How To Become A Firefighter In Ohio


how to become a firefighter in Ohio

Ohio has an interesting claim to fame when it comes to firefighting history and many have asked how to become a firefighter in Ohio.

The Cincinnati Fire Department is the oldest paid professional department in the country. Yes, there are lots of smaller volunteer departments that will probably claim to have started before 1853, but Ohio holds on tight to this honor.

This status and the development of the state and its population mean that standards are high. So, how can you become a firefighter in Ohio?

How to Become a Firefighter in Ohio

  • 18 or above
  • High school diploma or GED
  • A valid driver’s license
  • Physically fit
  • EMT training preferable

The minimum requirements to become a firefighter in Ohio aren’t that tough compared to some states.

The low age, residency and education rules are a basic starting point. But, there is a long process ahead. Below I will talk more about this, the challenges of Ohio and some of the training college and departments.

Firefighting in Ohio

The hiring process follows a similar pattern in most departments in Ohio. Once you complete the initial application with those minimum requirements above, you can then move onto the written test and physical agility tests.

If we use the Cincinnati department as a good example, we can see how important the written test can be. Here it accounts for 60% of your total score in the hiring process. The other 40% comes from the firefighter interviews.

Figures and expectations can vary between departments. Some may not be so tough with the interview, while others will be very thorough and check your background with polygraph testing, drug testing and criminal checks. As long as you have no criminal or drug history you should be fine.

Don’t assume that the process ends indoors with the written and oral sections. There are also grueling physical tests to ensure that you are up to the job.

In Cincinnati, this includes a stair climb, ladder raise, dummy drag, equipment carry and self-rescue. Often, these tests are timed. Pass all the events or prepare to do it all again in the next hiring window.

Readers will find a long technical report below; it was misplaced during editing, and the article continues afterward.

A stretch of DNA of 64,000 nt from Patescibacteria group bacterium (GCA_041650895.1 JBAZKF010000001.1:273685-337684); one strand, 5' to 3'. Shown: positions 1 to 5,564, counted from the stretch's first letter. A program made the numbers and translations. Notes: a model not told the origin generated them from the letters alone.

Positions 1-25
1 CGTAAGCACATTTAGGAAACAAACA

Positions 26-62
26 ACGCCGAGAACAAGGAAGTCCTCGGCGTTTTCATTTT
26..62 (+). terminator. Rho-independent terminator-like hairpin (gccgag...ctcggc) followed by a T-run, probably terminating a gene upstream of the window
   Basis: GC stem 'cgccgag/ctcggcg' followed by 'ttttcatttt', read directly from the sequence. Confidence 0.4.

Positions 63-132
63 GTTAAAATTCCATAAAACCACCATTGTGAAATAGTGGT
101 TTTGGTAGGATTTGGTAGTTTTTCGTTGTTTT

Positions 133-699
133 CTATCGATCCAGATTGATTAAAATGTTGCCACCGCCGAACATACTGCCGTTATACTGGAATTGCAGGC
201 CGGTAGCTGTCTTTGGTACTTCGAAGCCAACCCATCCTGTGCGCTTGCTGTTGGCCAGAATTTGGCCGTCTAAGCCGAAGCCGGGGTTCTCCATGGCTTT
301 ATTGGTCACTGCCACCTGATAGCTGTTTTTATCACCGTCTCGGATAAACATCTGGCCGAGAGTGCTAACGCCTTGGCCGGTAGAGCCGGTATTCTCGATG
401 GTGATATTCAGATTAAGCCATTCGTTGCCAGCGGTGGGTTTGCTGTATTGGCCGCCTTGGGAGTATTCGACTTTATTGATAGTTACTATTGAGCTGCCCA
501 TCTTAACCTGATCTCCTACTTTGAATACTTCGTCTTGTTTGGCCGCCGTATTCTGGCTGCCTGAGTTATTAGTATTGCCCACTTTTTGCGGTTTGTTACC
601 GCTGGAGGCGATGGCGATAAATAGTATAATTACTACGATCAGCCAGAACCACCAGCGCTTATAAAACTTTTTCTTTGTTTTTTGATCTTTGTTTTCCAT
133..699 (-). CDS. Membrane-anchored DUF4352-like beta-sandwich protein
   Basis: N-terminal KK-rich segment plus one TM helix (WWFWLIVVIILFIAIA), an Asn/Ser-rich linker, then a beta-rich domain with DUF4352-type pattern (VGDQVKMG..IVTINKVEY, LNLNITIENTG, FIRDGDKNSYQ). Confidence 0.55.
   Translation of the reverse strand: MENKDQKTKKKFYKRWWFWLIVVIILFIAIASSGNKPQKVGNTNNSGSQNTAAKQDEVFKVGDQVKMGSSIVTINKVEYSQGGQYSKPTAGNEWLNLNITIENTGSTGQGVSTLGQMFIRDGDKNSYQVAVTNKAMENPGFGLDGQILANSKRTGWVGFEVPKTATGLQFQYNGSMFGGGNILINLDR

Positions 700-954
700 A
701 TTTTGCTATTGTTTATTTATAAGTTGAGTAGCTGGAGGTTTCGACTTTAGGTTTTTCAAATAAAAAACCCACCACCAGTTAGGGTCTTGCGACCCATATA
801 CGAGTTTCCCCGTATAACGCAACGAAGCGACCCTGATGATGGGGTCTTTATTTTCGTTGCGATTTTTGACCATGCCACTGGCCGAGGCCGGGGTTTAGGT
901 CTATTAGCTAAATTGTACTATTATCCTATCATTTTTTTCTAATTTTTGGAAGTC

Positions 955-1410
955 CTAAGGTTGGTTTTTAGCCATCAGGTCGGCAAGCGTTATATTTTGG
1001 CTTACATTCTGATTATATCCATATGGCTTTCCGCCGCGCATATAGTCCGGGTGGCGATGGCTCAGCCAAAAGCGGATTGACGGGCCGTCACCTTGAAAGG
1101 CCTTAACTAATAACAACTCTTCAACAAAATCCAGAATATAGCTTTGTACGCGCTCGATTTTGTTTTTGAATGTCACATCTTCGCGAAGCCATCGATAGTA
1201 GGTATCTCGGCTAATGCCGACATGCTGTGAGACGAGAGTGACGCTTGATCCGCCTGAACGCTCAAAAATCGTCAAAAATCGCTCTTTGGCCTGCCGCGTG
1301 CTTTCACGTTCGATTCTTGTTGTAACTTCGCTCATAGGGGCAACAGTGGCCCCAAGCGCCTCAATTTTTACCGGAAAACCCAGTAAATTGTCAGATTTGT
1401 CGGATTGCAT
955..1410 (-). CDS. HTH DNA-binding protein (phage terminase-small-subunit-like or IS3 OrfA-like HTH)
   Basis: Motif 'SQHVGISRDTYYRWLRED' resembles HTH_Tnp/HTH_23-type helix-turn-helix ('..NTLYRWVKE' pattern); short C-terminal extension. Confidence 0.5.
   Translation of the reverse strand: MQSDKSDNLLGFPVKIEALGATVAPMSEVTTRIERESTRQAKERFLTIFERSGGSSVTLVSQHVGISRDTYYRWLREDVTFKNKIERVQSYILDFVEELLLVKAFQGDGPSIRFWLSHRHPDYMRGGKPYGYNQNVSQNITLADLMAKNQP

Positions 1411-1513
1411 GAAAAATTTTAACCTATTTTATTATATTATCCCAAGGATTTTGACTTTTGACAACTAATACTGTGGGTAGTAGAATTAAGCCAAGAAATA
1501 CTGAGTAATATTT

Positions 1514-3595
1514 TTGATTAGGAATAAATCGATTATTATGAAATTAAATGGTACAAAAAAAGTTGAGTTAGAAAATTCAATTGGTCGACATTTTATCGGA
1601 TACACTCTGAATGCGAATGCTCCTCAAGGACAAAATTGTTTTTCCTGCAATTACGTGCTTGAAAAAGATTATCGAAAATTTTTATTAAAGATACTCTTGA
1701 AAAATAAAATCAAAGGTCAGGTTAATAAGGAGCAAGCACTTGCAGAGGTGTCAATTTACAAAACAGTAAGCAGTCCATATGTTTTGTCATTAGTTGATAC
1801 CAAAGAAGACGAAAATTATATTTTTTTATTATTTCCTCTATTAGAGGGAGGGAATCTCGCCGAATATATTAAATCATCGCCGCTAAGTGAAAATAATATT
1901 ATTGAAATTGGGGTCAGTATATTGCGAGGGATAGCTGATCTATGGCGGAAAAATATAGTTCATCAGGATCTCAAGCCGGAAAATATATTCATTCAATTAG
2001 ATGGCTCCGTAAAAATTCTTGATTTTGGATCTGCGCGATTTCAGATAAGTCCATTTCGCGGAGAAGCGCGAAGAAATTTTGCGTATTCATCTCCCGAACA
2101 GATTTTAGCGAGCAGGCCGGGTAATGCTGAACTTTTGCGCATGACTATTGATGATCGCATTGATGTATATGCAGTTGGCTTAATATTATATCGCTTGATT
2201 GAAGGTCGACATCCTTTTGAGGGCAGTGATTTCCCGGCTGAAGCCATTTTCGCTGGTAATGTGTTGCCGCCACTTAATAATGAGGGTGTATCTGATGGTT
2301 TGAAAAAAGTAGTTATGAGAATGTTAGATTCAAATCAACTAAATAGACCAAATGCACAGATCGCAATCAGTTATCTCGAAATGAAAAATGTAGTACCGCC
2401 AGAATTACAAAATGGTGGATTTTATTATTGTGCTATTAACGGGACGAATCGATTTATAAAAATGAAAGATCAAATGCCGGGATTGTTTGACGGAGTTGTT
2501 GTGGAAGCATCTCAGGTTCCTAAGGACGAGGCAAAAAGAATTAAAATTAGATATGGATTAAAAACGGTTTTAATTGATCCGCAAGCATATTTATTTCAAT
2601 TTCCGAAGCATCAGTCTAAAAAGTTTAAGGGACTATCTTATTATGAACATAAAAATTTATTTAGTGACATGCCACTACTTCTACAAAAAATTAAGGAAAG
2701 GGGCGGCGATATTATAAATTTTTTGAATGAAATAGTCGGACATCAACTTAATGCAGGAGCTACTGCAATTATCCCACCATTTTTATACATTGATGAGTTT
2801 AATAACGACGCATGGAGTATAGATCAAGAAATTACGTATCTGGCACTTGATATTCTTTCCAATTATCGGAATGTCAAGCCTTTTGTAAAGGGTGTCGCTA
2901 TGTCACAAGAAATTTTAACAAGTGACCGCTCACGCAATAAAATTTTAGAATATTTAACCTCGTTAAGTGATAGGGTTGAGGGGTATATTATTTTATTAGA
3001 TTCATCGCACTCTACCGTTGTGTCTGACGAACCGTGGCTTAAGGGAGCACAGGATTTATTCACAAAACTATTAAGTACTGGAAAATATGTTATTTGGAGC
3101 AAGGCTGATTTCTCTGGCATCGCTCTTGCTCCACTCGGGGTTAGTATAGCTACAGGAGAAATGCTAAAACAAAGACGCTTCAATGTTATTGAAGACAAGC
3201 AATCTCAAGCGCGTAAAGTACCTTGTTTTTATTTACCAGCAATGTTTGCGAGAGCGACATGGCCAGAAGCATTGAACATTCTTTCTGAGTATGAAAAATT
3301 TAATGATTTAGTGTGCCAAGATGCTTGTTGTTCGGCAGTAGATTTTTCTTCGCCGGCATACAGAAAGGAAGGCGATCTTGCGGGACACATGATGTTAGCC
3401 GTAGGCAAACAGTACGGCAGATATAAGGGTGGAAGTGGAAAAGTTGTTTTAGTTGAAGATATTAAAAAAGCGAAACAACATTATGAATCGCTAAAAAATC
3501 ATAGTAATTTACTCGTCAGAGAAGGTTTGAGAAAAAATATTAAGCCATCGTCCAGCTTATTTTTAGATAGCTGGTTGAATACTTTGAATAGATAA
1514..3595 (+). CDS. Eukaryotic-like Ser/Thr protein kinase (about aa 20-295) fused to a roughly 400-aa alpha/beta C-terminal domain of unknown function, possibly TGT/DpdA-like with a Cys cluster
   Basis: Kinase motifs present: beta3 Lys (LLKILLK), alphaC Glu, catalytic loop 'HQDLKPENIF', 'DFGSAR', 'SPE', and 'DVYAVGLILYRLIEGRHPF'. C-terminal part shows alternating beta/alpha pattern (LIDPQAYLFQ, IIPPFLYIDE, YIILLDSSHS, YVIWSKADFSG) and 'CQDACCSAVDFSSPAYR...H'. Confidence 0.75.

Challenges faced by Ohio Firefighters

The challenges that you will face if you become a firefighter in Ohio will depend on your location. Those that work in major cities like Columbus, Cleveland and Cincinnati will deal with a higher volume of calls and more major accidents.

Akron firefighters will have to be aware of the influx of students and the need for fire prevention and suppression around the university. Those out in the more rural, agricultural areas have different businesses and landscapes to protect.

Then there is the lakefront area to the north. One of the seasonal risks that firefighters in Ohio have to face is the risk of bad weather and subsequent damage in what is known as the “snow belt”.

This belt is a stretch of land that runs along the shore of Lake Erie. For a large part of the year, the lakefront is a nice place to live and tourists can come here to enjoy the scenery and watersports in different coastal towns. But, the winter can be harsh here.

There are some difficult storms where the snow and ice drive in off the lake and can cause havoc in these communities. A build-up of snow can trap residents and make it difficult to get around. The temperatures and slippery conditions increase the risk of vehicular accidents and medical incidents.

Then there is the frozen ice. There will always be those that decide to venture out onto the lake when it freezes over. It always looks so solid and inviting to thrill seekers, skaters and kids on a dare. But, that ice will break, and the water beneath can kill.

That is why emergency personnel in Northern Ohio need to be ready to handle ice rescues as well as water rescues. Residents here may see departments training to develop skills and strategies.

One department that knows the value in this is Chardon. This small city department gets regular calls for incidents in the snow belt because it is just 30 miles from Cleveland.

It is a small staff here, with 7 full-time and 43 part-time crew members. They handle mostly EMS calls in the area and can deal with as many as 2000 calls a year

Fire Academies in Ohio

There are a number of different colleges and fire academies that provide an education in fire training or fire science.

You may decide to choose a college based on its location if you live locally or have a fire department in mind for your career. But, it is also worthwhile comparing options in courses, the modules taken, and the qualifications offered.